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Home births in the United States, 1990-2009
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  • Description:
    The incidence of multiple births in the United States was quite stable at about 2 percent of all births from 1915 (the earliest year for which reliable data are available) through the 1970s (1- 3). By the early 1980s, however, twinning rates, and those for triplet and higher-order multiples (triplet/+) began to rise (3,4), ultimately leading to what has been called “an epidemic of multiple pregnancies” (5). The marked increase in multiple births is important for reasons beyond their relative rarity. Plural pregnancies tend to exact a greater toll on the health of the mother (6,7), and outcomes for births in multiple deliveries are often compromised compared with singletons (6,7). The rise in the rate of twins, which comprise the majority of multiples (96 percent in 2009), has had an unfavorable impact on key indicators of perinatal health such as rates of preterm birth and low birthweight (8). This report describes U.S. trends in births in twin deliveries for the 30-year period 1980-2009.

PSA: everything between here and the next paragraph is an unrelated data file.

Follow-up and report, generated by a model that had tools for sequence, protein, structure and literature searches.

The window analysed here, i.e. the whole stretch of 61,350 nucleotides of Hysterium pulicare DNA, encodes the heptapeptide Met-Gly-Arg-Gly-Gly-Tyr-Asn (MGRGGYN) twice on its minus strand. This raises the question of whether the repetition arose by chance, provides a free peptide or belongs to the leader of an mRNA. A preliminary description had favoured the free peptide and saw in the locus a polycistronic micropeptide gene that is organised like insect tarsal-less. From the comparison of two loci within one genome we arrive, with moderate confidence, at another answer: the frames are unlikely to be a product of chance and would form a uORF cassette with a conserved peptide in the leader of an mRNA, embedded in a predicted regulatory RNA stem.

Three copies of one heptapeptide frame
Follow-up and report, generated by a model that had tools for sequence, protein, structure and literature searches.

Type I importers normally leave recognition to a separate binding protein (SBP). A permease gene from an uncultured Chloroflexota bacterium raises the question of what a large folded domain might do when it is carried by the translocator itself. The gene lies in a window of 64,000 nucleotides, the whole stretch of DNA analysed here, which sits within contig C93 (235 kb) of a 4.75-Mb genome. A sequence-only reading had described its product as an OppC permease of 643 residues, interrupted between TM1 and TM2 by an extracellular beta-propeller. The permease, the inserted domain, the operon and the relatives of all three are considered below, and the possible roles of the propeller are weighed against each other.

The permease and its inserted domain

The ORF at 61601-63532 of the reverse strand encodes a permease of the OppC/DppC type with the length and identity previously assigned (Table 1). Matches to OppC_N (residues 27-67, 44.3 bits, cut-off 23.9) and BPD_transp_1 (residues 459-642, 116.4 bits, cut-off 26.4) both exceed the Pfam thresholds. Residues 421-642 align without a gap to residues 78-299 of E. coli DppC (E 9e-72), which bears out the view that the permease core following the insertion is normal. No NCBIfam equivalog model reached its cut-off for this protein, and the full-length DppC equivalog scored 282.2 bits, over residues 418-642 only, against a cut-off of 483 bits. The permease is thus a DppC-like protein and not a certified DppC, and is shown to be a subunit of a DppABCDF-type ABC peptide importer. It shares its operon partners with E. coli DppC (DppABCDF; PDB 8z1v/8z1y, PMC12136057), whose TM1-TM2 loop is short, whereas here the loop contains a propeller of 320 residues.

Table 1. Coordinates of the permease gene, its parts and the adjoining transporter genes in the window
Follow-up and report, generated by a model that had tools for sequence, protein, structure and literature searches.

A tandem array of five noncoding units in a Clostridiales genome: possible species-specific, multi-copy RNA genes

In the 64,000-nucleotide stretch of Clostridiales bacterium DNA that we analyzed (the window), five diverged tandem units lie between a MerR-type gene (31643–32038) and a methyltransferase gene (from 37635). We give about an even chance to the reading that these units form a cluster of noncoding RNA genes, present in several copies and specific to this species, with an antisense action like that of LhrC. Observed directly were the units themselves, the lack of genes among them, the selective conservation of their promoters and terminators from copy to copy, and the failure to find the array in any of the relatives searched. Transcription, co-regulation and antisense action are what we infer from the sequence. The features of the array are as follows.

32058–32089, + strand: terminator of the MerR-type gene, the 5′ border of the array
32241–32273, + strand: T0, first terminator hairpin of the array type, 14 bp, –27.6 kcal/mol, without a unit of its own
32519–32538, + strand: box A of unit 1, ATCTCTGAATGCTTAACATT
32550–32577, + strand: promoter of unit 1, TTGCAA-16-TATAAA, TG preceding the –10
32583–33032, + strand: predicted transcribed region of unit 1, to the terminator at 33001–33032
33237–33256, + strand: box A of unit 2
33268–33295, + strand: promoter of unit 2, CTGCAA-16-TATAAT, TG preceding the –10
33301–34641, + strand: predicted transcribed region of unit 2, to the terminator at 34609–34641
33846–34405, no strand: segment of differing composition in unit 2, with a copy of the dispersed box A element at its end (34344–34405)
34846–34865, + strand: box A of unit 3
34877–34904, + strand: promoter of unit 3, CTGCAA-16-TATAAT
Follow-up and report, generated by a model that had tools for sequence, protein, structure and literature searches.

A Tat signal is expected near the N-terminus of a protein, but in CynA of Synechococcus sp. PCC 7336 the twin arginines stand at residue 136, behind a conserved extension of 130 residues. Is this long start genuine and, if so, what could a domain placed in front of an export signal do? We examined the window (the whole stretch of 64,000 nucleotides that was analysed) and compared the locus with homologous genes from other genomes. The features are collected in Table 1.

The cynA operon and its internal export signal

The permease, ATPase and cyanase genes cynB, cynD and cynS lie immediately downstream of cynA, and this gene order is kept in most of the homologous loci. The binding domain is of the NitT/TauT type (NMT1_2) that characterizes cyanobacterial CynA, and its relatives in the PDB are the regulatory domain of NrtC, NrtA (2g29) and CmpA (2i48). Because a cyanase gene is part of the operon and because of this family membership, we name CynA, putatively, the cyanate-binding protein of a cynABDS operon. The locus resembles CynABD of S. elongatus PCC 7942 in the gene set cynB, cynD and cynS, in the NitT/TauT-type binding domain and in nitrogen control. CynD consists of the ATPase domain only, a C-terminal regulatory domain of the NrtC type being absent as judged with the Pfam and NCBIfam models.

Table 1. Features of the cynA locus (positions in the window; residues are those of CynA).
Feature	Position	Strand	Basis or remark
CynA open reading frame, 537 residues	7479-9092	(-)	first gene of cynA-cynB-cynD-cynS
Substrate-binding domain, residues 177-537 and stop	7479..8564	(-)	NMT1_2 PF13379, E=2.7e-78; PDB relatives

• Content Notes:
    Marian F. MacDorman, T.J. Mathews, and Eugene Declercq. ; Includes bibliographical references (p. 7). ;
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